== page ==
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The best songs of March 2023

The best songs of March 2023

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Nialler9’s favourite songs of the month, all in one place. See the Spotify playlist at the end of the article.


1.

Yves Tumor

Lovely Sewer

Sean Bowie aka Yves Tumor’s music has been moving towards a more ambitious sound with every release. The American Turin-based artist’s music has moved more experimental early work to the psychedelic full band music as heard on fifth album Praise A Lord Who Chews But Which Does Not Consume; (Or Simply, Hot Between Worlds).

The album is beautifully produced, spacious and filling, with production by Noah Goldstein (Frank Ocean, Rosalía, Rihanna, Bon Iver), and mixed by Alan Moulder (Smashing Pumpkins, Nine Inch Nails and many shoegaze albums).

It’s a sensory rich record I keep returning to since release. The drums stand out for me but all the playing on it feels like pristine proper recorded 21st century rock – detailed and gilded.

Released around the the same time 50th anniversary of Dark Side Of The Moon last week, and Lil Yachty’s excellent psych-hop album Let’s Start Here, it feels like psychedelic rock music is again having a moment.

‘Lovely Sewer’ is a beautiful example of what the record contains, a soaring full-blooded song with a sumptuous melodic vocal from Yves and Canadian artists K.I.D.

Yves Tumor has been announced for a gig at 3Olympia Theatre on 27th November 2023.


2.

Lankum

Master Crowley’s

It’s still early days in the listening stakes for Lankum’s fourth album False Lankum, but expectations are high after three superb albums and press reviews that have compared the album to modern folk’s equivalent of OK Computer.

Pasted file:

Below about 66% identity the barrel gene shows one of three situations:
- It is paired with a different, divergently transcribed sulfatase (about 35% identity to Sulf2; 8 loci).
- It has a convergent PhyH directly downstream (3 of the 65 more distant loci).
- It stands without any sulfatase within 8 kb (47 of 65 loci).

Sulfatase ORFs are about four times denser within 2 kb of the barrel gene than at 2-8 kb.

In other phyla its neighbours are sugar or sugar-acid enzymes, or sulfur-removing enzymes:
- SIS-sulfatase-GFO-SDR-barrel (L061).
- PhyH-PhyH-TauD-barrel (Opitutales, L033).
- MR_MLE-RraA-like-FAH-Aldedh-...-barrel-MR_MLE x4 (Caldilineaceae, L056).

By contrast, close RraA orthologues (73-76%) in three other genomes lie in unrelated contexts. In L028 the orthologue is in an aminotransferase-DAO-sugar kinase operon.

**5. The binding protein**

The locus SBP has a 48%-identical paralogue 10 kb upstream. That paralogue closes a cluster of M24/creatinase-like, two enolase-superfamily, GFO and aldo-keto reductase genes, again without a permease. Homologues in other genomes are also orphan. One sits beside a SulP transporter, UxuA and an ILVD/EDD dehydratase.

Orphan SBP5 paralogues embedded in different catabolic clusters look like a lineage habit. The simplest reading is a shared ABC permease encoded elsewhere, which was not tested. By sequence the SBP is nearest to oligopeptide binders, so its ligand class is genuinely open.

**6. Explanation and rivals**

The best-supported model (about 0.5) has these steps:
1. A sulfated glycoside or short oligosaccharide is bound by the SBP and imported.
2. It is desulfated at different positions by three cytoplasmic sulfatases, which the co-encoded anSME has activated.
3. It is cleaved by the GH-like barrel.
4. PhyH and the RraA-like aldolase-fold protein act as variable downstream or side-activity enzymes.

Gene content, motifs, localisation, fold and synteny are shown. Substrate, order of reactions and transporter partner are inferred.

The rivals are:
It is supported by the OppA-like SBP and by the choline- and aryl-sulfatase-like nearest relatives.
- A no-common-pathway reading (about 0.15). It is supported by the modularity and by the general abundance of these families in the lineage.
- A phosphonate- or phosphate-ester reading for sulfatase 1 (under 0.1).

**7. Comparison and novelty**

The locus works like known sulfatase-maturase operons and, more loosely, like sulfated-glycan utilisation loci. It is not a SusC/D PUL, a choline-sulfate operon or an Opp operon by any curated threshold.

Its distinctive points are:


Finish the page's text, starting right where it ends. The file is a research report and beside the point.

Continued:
No-one can quite truly know what that Mojo writer means, but a comparison in the same review to Canadian post-rock band Godspeed You! Black Emperor, is more apt, as first impressions of False Lankum is an album of world-building doom-folk that sinks into its drone mire on more than one occasion. There’s still plenty of beautiful melodies and traditional music here, but ‘Master Crowley’s’ is the best demonstration of this vibe, as a traditional song gets pulled into black quicksand and an empty void of steel clanks and noise engulf the reverbed song in its entombed pit.

Nialler9 Podcast: The best music of March – Lankum, Lana, JPEGMafia & Danny Brown & more


3.

Danny Brown, JPEGMAFIA

Burfict!

Rap album of the year so far? JPEGMAFIA and Danny Brown’s collaborative album Scaring The Hoes, is blown out, messy, all over the shop but thoroughly compelling.

It’s erratic, industrial, discombobulating, disorientating and absolutely slaps hard. It’s got a freneticism to it that burst forth from the speakers

Hard to pick a single track from it but ‘Burfict!’ is the one at the moment.


4.

boygenius

Satanist

Boygenius’ releasing their debut album the record, feels like one of the biggest event albums of the year, and on cursory listens, the LP does not disappoint if you’re after robustly melodic and insightful indie rock songwriting and style.

‘Satanist’ feels like a song that Broken Social Scene might have written as a band, and asked Dacus, Bridgers and Baker to jump on with lyrics that draw you in – seeking a like-minded soul. There’s some distant screaming for good measure. I love how the song barrels slowly towards an end.


5.

Róisín Murphy

CooCool

As rumoured Róisín Murphy has an album on the way with revered electronic music auteur and frequent collaborator DJ Koze.

The album is also the first release on Murphy’s deal with Ninja Tune, and ‘CooCool’ is the project’s first single, and easily the best song released this week, a melting kaleidoscopic electronic soul track with a warming emotional effect.